That said, however, Sea of Thieves was thoroughly enjoyable throughout the many hours I’ve played it, and though playing alone on a sloop can be tranquil and almost meditative, it’s more likely that playing with friends is the reason why it’s so much fun. At the end of a long day, there’s nothing quite like joining a few friends and sailing into the horizon for new adventures.
[Update: 6/15/18] At the time of this writing, Sea of Thieves has received two major content updates. The first, called The Hungering Deep, introduced a bard named Merrick who bears scars from an encounter with a mysterious beast. Through a series of clues and voyages, players were meant to piece together the story of Merrick’s injuries, eventually culminating in a battle with a massive four-eyed shark. While exciting, summoning the beast required cooperation between at least two crews which wasn’t always feasible. As mentioned in my original review, players are often outright hostile, and even with the incentive to work together, I found myself looking for a long time to finally summon the megalodon. The fight itself was intense and exciting, much like Sea of Thieves was in its first weeks, and my reward was a unique cosmetic for my ship. Suddenly though, after two weeks, the event was gone, and replaced with a scavenger hunt of sorts.
Initially I was annoyed and confused; I knew the event would only be active for a limited time, but in a world with other responsibilities, two weeks seemed like no time at all. Three of my usual crew (myself included) were able to complete the event, but it feels unfair that our fourth just couldn’t get an hour or two in to finish it himself. Luckily, Rare has promised other similar events, so we’ll have a better idea of our window of opportunity.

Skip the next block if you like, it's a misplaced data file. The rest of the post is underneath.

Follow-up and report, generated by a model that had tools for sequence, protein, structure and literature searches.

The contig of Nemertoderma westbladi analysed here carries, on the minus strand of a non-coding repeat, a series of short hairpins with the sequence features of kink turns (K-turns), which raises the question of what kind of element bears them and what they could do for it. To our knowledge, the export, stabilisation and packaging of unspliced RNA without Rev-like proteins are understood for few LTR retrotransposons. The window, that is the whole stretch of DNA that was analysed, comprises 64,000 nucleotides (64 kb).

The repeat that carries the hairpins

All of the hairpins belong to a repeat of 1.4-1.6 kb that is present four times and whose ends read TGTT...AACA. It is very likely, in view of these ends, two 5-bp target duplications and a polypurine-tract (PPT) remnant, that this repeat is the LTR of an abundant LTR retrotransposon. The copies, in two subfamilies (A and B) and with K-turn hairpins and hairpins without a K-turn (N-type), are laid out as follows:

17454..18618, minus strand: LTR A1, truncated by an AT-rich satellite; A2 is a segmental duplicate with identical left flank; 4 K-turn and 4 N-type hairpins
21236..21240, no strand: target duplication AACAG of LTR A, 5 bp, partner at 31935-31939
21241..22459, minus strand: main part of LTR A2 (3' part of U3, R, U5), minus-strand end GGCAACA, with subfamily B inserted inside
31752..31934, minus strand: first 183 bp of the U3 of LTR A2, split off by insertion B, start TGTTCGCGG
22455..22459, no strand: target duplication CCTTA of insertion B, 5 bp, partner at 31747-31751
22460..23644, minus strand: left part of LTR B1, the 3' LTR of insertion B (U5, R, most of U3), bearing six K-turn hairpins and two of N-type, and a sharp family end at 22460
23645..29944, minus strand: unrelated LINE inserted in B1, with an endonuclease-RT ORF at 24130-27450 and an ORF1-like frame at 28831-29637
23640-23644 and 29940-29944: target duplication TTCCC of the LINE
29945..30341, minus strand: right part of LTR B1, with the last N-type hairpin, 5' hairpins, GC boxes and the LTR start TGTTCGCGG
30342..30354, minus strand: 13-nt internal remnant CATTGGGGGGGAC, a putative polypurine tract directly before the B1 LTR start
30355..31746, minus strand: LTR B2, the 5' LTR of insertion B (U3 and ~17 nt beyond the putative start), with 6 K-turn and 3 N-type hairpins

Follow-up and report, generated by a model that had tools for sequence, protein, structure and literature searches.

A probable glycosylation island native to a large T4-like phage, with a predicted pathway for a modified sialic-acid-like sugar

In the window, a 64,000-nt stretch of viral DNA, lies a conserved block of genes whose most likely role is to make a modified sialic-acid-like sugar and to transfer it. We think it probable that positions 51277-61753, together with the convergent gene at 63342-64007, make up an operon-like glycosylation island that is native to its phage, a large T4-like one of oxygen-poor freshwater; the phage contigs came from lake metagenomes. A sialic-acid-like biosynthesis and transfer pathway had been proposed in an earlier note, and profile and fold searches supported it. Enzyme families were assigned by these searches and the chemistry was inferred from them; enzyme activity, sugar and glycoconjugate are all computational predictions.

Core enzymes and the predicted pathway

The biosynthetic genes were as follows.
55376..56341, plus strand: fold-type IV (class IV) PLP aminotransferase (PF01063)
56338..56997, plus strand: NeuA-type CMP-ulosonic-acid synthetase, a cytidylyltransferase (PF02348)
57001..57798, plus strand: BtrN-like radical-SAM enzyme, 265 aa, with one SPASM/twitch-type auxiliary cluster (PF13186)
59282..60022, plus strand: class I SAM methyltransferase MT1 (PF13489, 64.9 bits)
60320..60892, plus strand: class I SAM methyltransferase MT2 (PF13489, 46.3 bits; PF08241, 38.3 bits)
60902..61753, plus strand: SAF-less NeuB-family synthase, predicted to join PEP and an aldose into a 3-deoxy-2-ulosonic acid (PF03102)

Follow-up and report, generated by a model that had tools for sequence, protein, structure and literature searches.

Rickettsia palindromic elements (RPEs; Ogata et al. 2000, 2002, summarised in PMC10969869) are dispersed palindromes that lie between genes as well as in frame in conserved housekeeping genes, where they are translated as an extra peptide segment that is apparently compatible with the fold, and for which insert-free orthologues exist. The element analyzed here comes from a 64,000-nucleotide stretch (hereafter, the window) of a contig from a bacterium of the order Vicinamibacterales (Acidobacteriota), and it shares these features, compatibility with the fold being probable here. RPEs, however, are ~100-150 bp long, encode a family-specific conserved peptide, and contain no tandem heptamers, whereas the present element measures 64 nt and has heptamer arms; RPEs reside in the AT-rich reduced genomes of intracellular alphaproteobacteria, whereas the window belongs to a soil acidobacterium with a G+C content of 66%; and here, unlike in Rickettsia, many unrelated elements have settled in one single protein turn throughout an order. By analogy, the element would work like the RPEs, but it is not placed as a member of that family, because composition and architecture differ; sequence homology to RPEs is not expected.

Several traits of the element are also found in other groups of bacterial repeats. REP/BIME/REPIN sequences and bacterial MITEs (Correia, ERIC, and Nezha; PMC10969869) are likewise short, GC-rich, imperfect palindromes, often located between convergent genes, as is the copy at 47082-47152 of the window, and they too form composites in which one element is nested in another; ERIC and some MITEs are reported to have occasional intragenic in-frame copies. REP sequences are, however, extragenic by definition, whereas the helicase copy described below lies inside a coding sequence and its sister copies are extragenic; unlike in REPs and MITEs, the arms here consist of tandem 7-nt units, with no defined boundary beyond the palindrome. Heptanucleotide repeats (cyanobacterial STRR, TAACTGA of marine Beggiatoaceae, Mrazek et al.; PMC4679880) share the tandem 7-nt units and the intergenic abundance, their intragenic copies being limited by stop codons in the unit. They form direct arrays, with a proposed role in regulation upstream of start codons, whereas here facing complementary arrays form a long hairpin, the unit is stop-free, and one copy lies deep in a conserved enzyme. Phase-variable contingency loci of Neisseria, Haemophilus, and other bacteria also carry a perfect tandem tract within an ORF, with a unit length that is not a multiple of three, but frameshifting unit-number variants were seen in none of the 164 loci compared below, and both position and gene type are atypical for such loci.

As for the second update, players are now required to find ten skeleton thrones scattered amongst the numerous islands, with only vague hints to guide them. A friend and I were able to suss out the locations of most of them, but once again Sea of Thieves attempts to foster cooperation between players. Sitting upon five of the ten thrones is enough to earn credit, but the other five require two players from two different crews to activate them. Again, players are hesitantly agreeing to cooperate, but these uneasy alliances seem too fragile. A single errant sword swing or gunshot could topple the joint effort, wasting the time required to find, reach and activate the thrones.
The reward for this event comes in the form of Doubloons, which can be used to buy three new clothing items, gold, or even reputation for one of the three central factions. Since this currency appears to be severely limited - you can earn 100 for activating all ten thrones - the essential buys are the clothing, as gold and reputation can be earned over time anyway. It’s currently unknown if players will have other opportunities to earn Doubloons, but it can be assumed that future events will allow for it, albeit with different cosmetics to purchase with them.
The Hungering Deep is a great start for the additional content promised, and the cosmetic items look cool, but it remains to be seen whether Rare will continue to keep the game interesting with future updates. With Cursed Sails coming in July and Forsaken Shores dropping in September, time will tell.